SWEDISH RHAPSODY AUGUST 2009
Tuesday 11th August
Time to enjoy more of the sights of this town of Nykoping,including the Stadhuis and
pedestrian area, before taking the train north via Norrkoping. Despite arriving there in pouring rain we had time to see the trams, cinemas, flowers and part of the town centre before resuming our journey up to Stockholm. There the rain had a final hurl upon our heads, then stopped as we walked towards Skeppsbron, looking for our next ship. En route we could see GABRIELLA, VIKING CINDERELLA and MSC ORCHESTRA.
GABRIELLA and VIKING CINDERELLA
Our next ship was built in 1953 for Rederi AB SVEA’s Stockholm-Helsinki service, and since the 1970s has been used as a cruise vessel for 22 hour trips to and from Mariehamn in the Åland Islands: it was to be the fabled BIRGER JARL!
I’d been told to expect Swedish grannies pushing and shoving their determined way to the tax-free shop on the ship, cushioned mattresses at the bottom of steep stairways to soften the fall of any drunken passengers, and general inebriation as soon as the ship left port, so I was keeping an open mind about this experience.
Being herded into the Anedin Linjen terminal building was interesting; the booked fares were paid (very cheap) and the first sitting dinner time changed from 5.30 p.m. to 7.15 p.m., and then we could go fairly near the quayside beside the ship in the strongly fenced ISPS-compliant compound. Ah, another fencing contractor laughing all the way to the Bank, I suspect.
We soon boarded and were guided to an inside cabin number 42 that proved to have its own outside bathroom with big opening porthole; what a delightful surprise to be able to hang out of it and chat to one’s fellow passengers, who were also leaning out of their portholes! And how unusual to be able to sit on the toilet and gaze out at the sea… There were two original Alvar Aalto-designed stacking stools in the cabin.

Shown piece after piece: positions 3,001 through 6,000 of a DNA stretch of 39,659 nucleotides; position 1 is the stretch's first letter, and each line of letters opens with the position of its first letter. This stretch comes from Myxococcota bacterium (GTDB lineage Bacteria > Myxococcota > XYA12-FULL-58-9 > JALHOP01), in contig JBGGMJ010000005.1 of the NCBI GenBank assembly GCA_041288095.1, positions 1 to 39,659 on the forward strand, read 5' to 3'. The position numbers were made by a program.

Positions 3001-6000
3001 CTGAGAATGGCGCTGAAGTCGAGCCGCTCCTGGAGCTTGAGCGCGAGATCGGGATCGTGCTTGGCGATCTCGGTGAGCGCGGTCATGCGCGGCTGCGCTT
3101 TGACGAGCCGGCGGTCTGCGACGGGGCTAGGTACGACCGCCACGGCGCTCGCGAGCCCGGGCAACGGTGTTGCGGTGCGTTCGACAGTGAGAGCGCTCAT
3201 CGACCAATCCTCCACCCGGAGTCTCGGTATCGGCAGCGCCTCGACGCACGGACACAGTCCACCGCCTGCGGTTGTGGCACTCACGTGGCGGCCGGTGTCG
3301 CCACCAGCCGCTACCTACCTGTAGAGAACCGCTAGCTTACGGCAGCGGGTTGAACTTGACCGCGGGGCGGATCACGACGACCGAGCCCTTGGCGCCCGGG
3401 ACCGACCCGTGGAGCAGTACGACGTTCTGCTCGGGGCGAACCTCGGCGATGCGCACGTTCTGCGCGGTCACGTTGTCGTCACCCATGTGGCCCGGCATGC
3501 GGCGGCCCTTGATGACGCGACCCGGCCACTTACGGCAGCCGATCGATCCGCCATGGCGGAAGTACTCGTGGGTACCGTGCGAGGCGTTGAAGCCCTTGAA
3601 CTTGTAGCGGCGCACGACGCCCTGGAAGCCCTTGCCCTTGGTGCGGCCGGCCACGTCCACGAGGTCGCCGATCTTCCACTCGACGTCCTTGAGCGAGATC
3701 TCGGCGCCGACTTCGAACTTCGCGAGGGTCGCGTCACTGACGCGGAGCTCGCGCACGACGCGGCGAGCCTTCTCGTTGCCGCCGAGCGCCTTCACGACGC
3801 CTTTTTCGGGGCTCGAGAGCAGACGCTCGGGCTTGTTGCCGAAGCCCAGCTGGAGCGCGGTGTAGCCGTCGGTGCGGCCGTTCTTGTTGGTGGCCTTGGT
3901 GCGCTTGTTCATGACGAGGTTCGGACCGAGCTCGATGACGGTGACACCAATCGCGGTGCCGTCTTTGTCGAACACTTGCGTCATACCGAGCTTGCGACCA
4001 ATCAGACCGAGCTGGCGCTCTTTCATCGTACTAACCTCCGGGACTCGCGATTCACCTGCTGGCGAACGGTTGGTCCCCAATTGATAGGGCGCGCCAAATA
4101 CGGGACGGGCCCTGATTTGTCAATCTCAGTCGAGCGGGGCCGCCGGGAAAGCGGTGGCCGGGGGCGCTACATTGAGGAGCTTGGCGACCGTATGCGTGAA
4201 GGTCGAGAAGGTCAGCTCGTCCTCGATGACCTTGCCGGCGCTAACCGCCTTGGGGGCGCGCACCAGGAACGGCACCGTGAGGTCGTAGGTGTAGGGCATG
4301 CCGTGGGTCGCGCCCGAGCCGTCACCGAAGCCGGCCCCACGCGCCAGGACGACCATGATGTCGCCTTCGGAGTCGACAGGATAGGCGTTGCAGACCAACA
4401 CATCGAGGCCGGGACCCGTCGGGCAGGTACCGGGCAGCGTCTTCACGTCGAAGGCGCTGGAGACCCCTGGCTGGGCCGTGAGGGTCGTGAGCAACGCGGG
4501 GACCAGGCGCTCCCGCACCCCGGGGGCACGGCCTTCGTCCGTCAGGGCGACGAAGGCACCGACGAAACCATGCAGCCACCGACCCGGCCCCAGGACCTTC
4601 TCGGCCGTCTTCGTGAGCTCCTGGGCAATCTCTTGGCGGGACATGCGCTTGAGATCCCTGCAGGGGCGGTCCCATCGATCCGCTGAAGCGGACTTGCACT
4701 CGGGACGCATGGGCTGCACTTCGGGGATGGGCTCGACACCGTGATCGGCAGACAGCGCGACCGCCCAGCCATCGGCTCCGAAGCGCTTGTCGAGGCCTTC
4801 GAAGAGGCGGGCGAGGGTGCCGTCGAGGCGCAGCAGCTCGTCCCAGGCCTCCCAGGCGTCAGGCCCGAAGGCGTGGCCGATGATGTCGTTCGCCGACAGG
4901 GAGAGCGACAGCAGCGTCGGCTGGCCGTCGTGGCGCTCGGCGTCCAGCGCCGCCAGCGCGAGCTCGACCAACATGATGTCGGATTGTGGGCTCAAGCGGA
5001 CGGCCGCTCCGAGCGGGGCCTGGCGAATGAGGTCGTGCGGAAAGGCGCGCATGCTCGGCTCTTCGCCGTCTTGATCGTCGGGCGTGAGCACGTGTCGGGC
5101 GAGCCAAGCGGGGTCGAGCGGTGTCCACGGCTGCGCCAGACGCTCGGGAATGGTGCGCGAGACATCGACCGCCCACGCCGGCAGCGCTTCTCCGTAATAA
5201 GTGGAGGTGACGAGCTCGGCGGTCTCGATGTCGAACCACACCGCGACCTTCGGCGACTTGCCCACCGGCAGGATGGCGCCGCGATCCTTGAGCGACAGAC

It was fascinating to explore this ship which has so much original woodwork and other features in it. Passing the passengers playing the slot machines, we came to the forward Cocktail Bar which looked inviting and very popular; I liked the 1950s design ceramic panel on the wall, behind the piano the peached glass mirror with musical notes cut in it, the old silver-coloured rosette bell-pushes beside some tables, and a miniature wooden half-hull on another wall of a Finnboda-built cargo liner.
I liked being able to stand on the promenade deck looking aft at the sheer and curvature of the stern, although part of this was a later addition.
The forward Roslagen original first class dining room had models of the ships, and beautiful etched glass lampshades, and the aft Remmaren dining room was another attractive place for a meal that evening. The smorgasbord buffet food was delicious and plentiful.
I stood midships on the boat deck and realised that under my feet was a brass-ringed porthole, which another shippy friend had mentioned recently. He had been staying in that cabin and the only daylight came from this porthole in the ceiling!
At the bottom of two steep stairways were huge and very thickly padded quilted walls, just as I had been told, which would save falling passengers from certain injury, especially depending on their state of intoxication. The tax-free shop was very popular as soon as it opened after first sitting dinner, and there were permanent queues to buy alcohol and cigarettes
The evening’s entertainment in the aft lounge was a band playing tango music and then a singer, but it seemed the important thing was drinking. Those who smoked came out on deck nearby (most of the passengers) and we enjoyed several conversations with interesting travellers, who were just as intrigued with us as we were with them. There was amazing watery sunlight in the archipelago once the rain had cleared.
Ships seen: Baltic Queen, Viking Cinderella, Blidosund, MSC Orchestra, Gabriella, Birka Paradise, Norrskar, Djurgarden 7, 8 and 11, Galaxy, Saltsjon, Storskar